Thinking, feeling about killing
The latest Social Weather Stations survey offers the Duterte administration both reassurance and an opportunity for reflection. A majority of voting-age Filipinos continue to voice support for President Duterte’s crackdown on illegal drugs. But a majority also say they fear they themselves or someone they know may fall victim to the so-called war on drugs.
In interpreting its own survey’s results, SWS found this particular finding to be the most important of all: 73 percent of respondents in the March 25-28 survey say they are worried (the survey questionnaire used “nangangamba”) that they or someone they know “will be a victim of Extrajudicial Killing or EJK.” The total is made up of 37 percent who say they are “very worried” (“talagang nangangamba”) and 36 percent who say they are “somewhat worried” (“medyo nangangamba”).
This is essentially the same (that is, within the margin of error) as the finding in the December 2016 survey, where 78 percent of respondents acknowledged their worries about falling victim
These findings should be paired with two parallel concerns. To the question about how important it was for the people suspected of involvement in illegal drugs to be captured alive (“gaano ka-importante na mahuli … nang buhay”), an overwhelming 92 percent said it was either “very important” (66 percent) or “somewhat important” (26 percent).
And to the question about police credibility, on “whether the police are telling the truth that the suspects they killed really resisted arrest,” only 24 percent say police officers were truthful. More people are of the opinion that the police are either not telling the truth (31 percent) or they (the respondents) are unsure of their position (44 percent).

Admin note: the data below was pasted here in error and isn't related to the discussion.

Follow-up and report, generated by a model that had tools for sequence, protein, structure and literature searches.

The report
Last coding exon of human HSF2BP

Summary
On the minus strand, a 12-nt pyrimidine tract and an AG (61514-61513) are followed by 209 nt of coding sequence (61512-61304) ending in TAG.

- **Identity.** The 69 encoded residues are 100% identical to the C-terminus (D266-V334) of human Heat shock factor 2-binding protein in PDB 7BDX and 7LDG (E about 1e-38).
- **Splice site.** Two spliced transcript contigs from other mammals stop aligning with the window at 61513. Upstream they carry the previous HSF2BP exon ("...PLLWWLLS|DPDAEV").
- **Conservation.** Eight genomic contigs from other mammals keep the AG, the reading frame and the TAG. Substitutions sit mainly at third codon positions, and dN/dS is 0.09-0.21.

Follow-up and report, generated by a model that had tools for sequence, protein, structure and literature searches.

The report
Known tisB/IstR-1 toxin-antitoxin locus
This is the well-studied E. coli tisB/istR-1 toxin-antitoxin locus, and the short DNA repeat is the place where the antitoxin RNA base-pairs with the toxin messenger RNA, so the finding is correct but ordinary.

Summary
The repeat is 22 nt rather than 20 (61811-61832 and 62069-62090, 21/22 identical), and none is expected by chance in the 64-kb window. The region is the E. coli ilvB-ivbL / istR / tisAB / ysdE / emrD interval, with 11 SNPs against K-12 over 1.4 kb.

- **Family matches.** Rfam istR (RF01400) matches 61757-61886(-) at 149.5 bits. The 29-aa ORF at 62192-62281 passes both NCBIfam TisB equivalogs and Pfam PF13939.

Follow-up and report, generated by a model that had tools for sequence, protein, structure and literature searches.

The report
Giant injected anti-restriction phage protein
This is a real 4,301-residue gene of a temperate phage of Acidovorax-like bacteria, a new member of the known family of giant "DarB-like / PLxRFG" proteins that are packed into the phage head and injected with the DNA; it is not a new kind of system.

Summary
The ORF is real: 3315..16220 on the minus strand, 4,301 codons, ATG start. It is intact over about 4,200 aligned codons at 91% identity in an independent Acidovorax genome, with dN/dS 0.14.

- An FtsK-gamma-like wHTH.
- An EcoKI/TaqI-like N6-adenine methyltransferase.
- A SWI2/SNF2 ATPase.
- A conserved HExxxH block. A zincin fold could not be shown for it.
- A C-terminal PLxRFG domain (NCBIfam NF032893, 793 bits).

Taken together, these findings paint a more complex picture of Philippine social reality than would a cursory look at survey headlines.
As in the previous administration, the incumbent President’s undoubted popularity has created a halo effect for his programs of government. To be sure, many Filipinos are also worried about the illegal drugs problem and about criminality, which in the view of many is related to the drug trade. It is not yet among the top three concerns Filipinos identify as their priorities, but it is certainly a real issue, a source of genuine anxiety. All this means that public support for the crackdown on illegal drugs is not merely a rally-round-the-flag phenomenon, catalyzed by a charismatic if controversial leader, but an authentic outpouring of concern.
But the more complex picture painted by the latest surveys (not just those of SWS but also of Pulse Asia) tells us that a substantial majority of Filipinos are worried that the crackdown is not being conducted properly, according to democratic processes or Filipino values.
What does it mean, after all, when a solid majority of Filipinos (70 percent) say the Duterte administration is serious about solving EJK cases, and yet only a minority believe in the credibility of the
police in the matter of extrajudicial killings?
What does it mean when a majority say they support the crackdown on drugs, and yet similar numbers point to anxiety among the people?
It must be noted that the last SWS survey was undertaken some time after the President called a temporary halt to his so-called war on drugs, after police officials were found to have kidnapped and then killed a Korean businessman under the aegis of the antidrugs campaign. This meant that even the Philippine National Police leadership had to acknowledge the fatal errors committed in the campaign.
The March survey, then, offers the administration an opportunity to reflect on the conduct of its signature program. There is real support for it, not simply manufactured. But there is also genuine concern. When the President of the Philippines disregards inquiries conducted by both the National Bureau of Investigation and the Senate, and professes to believe the dishonest accounts of police officers involved in the execution of a person in detention, despite all the evidence, the ordinary man or woman cannot help but worry: “What about me? When the killings continue, what will happen to my loved ones, or to me?”
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